From June to November 1889, the German steamer National traversed some sixteen thousand miles of the Atlantic Ocean in a gigantic figure eight, carrying along with its sailing crew a team of six scientists and an artist (see figure 9). Their object was to collect samples...

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Crossing Borders:The Smithsonian Institution and Nineteenth-Century Diffusion of Scientific Information between the United States and Canada

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pp. 87-106

In late spring 1876, a letter written by Roderick MacFarlane, an employee of the Hudson’s Bay Company stationed in Fort Chipewyan, Athabasca District (now northern Alberta), reached Spencer Baird, assistant secretary of the Smithsonian Institution...

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Writing Medicine: George M. Gould and Medical Print Culture in Progressive America

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pp. 107-130

Just when the twentieth century was dawning, in December 1899, an American medical editor told his audience about “the shocking abuses that have sprung up in the realm of medical journalism.” By recounting “evil tendencies” of journals owned by proprietary medicine manufacturers and self- promoting medical men, he maintained...

Part 3: Science Education and Health Activism in Print

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Evolution in Children’s Science Books, 1882–1922

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pp. 133-155

In 1922, Hendrik Van Loon received the first Newbery Medal, for his book The Story of Mankind, a tour of humankind through the ages, beginning with the evolution of human beings. The Children’s Librarian’s Section of the American Library Association created the Newbery Medal to be given to the best book published in the United...

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“Through Books to Nature”: Texts and Objects in Nature Study Curricula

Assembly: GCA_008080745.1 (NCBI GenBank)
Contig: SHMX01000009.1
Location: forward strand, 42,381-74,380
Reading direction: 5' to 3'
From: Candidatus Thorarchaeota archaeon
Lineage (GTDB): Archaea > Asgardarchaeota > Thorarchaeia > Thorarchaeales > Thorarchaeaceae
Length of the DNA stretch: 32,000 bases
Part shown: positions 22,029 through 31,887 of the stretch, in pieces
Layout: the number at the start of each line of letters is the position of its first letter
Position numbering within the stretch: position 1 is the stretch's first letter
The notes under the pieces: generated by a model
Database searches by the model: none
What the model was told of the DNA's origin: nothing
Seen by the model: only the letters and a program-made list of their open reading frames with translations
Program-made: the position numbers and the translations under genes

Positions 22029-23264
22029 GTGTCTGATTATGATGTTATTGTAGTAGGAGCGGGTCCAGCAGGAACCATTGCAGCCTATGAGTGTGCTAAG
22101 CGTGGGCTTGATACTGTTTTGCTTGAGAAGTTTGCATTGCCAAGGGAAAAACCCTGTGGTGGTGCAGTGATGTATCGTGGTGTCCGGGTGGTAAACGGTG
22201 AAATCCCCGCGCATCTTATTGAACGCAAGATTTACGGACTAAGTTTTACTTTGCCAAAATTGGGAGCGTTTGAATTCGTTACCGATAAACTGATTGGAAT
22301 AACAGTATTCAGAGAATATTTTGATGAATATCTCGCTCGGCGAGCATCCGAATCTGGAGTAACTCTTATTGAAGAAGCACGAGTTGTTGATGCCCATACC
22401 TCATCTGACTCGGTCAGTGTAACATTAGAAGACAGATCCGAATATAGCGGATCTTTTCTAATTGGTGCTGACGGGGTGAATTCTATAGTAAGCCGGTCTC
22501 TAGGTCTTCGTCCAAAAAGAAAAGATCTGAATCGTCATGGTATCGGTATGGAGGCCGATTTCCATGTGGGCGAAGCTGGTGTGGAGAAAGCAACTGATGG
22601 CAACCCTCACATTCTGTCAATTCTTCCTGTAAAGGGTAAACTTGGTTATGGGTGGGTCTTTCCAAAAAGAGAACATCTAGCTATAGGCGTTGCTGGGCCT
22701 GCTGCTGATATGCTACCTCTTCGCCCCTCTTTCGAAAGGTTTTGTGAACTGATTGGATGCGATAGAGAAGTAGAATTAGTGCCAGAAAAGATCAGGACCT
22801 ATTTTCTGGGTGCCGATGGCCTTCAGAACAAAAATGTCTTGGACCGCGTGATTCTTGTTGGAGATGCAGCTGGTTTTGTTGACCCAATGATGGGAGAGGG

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pp. 156-179

Educators in the early twentieth century faced the dilemma of how to build the skills of teachers so that they could teach directly from nature in a new progressive pedagogy emerging in the late nineteenth century known as nature study. How should printed materials...

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Basic Seven, Basic Four, Mary Mutton, and a Pyramid: The Ideology of Meat in Print Culture

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pp. 180-200

American love of meat has been and continues to be renowned. Nutritionists could and did claim that so much meat was unhealthful or unnecessary and advised that families eat less meat...

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What Two Books Can (and Cannot) Do: Stewart Udall’s The Quiet Crisis and Its Twenty-Fifth Anniversary Edition

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pp. 201-222

Priscilla Coit Murphy, in What a Book Can Do: The Publication and Reception of Silent Spring, writes: “What a book does... can tell us what we use books for, giving us the opportunity to consider ...whether any other medium would perform the same function or fill the same...

Note on Sources

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pp. 223-232


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pp. 233-235

Further Reading, Back Cover

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p. 236-236

E-ISBN-13: 9780299286132
E-ISBN-10: 0299286134
Print-ISBN-13: 9780299286149
Print-ISBN-10: 0299286142

Page Count: 256
Publication Year: 2012

Series Title: Print Culture History in Modern America